By Pam Martens and Russ Martens: May 30, 2019 ~
Financial media is buzzing this week that a Federal District Court Judge for the Southern District of New York, Jesse Furman, has ruled that the City of Providence, Rhode Island, the Plumbers and Pipefitters National Pension Fund, along with other plaintiffs, can move forward with their class action lawsuit against seven stock exchanges, including the New York Stock Exchange and Nasdaq, for allegations that they effectively rigged the market against the small investor.
That sounds like a great David versus Goliath court case is moving right along toward a triumph for justice – until one looks at the gritty details of the case.
The lawsuit was launched five years ago following the publication of the book, Flash Boys, by bestselling author and Wall Street veteran, Michael Lewis. The book mapped out, with eyewitness accounts and extensive detail, how the stock market had been rigged through multiple arrangements between the nation’s stock exchanges and high frequency trading (HFT) firms.
The subsequent lawsuit explained in specific detail how the stock exchanges were allowing the HFT firms to move their computers close to the stock exchanges’ own computers (co-location) to get more rapid execution of their trades than the general public; to obtain a faster price data feed than the one that is available to the public; and to use special order types to enhance the trading manipulation. To further create an unlevel playing field that benefited the high frequency trading firms, the stock exchanges charged enormous sums of money for the co-location and faster data feeds which prevented the public from gaining access. This effectively meant that the high frequency traders could front-run (trade ahead of) the public’s stock orders with advance knowledge of where the prices were headed.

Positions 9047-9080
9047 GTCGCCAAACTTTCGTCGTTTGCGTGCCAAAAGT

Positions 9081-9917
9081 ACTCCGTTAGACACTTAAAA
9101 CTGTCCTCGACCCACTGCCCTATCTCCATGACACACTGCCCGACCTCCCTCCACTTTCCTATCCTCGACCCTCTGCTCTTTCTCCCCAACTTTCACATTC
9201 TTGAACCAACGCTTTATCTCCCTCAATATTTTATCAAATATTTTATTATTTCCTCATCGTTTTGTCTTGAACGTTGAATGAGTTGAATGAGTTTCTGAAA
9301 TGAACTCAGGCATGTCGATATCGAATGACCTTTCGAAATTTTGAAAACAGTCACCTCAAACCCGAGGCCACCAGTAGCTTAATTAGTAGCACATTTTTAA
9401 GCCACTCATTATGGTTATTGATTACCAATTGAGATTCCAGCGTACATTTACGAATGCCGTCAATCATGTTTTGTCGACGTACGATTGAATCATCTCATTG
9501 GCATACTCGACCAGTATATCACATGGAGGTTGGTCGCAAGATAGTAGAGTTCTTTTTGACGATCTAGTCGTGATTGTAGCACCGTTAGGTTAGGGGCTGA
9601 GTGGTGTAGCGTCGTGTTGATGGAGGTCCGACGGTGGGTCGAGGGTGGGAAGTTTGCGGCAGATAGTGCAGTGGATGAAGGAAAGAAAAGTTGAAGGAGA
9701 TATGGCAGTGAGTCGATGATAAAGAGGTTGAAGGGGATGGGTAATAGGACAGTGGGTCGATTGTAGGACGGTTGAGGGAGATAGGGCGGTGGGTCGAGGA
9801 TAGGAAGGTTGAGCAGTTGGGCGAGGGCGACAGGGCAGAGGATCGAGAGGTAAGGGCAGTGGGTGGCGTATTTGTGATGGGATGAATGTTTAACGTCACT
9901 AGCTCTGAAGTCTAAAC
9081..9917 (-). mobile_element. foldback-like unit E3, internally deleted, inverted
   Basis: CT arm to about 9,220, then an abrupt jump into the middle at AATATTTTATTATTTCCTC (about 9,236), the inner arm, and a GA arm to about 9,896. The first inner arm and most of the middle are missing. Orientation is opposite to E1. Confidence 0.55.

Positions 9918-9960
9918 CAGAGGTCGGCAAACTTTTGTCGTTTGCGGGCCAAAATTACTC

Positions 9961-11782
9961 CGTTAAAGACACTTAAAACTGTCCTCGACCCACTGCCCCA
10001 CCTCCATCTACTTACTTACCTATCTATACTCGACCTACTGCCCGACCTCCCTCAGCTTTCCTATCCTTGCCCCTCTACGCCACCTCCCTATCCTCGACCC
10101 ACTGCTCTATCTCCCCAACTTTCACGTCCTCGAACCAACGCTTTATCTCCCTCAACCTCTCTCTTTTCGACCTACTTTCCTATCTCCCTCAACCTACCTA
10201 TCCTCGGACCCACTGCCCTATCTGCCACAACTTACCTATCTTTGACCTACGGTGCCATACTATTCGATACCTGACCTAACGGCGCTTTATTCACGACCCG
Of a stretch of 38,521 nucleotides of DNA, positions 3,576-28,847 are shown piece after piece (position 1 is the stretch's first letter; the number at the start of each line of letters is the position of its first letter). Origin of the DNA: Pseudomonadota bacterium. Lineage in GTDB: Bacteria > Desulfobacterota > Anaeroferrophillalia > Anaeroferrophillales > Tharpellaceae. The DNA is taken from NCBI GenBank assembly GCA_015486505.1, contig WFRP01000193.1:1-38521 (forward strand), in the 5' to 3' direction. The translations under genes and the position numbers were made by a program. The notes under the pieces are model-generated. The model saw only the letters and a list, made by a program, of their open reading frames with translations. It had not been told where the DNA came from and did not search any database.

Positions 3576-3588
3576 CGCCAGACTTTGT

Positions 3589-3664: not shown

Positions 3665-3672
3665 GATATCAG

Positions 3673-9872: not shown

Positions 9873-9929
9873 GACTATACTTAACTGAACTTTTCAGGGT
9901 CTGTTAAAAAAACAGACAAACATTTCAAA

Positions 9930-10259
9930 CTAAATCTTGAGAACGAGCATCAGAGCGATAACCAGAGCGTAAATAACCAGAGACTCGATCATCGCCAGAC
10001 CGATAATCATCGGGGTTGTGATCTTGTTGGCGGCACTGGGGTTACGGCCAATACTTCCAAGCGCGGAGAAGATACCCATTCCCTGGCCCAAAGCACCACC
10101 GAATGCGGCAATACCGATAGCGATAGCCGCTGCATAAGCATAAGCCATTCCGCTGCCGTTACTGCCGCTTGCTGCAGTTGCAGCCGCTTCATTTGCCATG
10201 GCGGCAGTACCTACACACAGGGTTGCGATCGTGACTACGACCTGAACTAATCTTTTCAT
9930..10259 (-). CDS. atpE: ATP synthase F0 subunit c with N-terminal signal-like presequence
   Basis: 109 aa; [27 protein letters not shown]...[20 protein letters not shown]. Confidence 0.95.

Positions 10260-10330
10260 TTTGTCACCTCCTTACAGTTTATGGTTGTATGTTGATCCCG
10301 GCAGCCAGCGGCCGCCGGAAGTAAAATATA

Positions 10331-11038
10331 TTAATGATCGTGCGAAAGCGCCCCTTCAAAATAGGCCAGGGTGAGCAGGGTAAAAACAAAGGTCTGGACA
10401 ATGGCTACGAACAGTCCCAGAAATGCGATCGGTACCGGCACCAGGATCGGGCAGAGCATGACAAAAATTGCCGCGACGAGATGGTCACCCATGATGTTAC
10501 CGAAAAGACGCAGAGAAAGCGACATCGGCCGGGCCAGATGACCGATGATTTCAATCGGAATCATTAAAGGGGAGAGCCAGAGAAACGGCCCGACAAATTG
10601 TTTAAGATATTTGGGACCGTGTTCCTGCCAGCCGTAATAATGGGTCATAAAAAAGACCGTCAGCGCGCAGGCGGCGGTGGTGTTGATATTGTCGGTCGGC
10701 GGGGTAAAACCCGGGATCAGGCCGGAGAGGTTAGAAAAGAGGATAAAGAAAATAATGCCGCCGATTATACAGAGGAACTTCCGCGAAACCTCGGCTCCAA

The Securities and Exchange Commission (SEC) had been effectively aiding and abetting the manipulation by rubber-stamping the rule changes as they were submitted by the various exchanges. As we previously reported, in December 2013, the SEC filed this rule change in the Federal Register, which announced that the New York Stock Exchange (NYSE) was changing its pricing for some of its co-location services and computer cabinets for outside users. The NYSE said it would charge “a one-time Cabinet Upgrade fee of $9,200 when a User requests additional power allocation for its dedicated cabinet such that the Exchange must upgrade the dedicated cabinet’s capacity. A Cabinet Upgrade would be required when power allocation demands exceed 11 kWs. However, in order to incentivize Users to upgrade their dedicated cabinets, the Exchange proposes that the Cabinet Upgrade fee would be $4,600 for a User that submits a written order for a Cabinet Upgrade by January 31, 2014…”
The Federal Register notice also provided pricing comparisons between what the NYSE was then offering high frequency traders versus the Nasdaq stock market, writing: “The Exchange also believes that the Cabinet Upgrade fee is reasonable because it would function similar to the NASDAQ charges for comparable services. In particular, NASDAQ charges a premium initial installation fee of $7,000 for a ‘Super High Density Cabinet’ (between 10 kWs and 17.3 kWs) compared to $3,500 for other types of cabinets with less power. The Exchange charges only one flat rate for its initial cabinet fees ($5,000), regardless of the amount of power allocation.”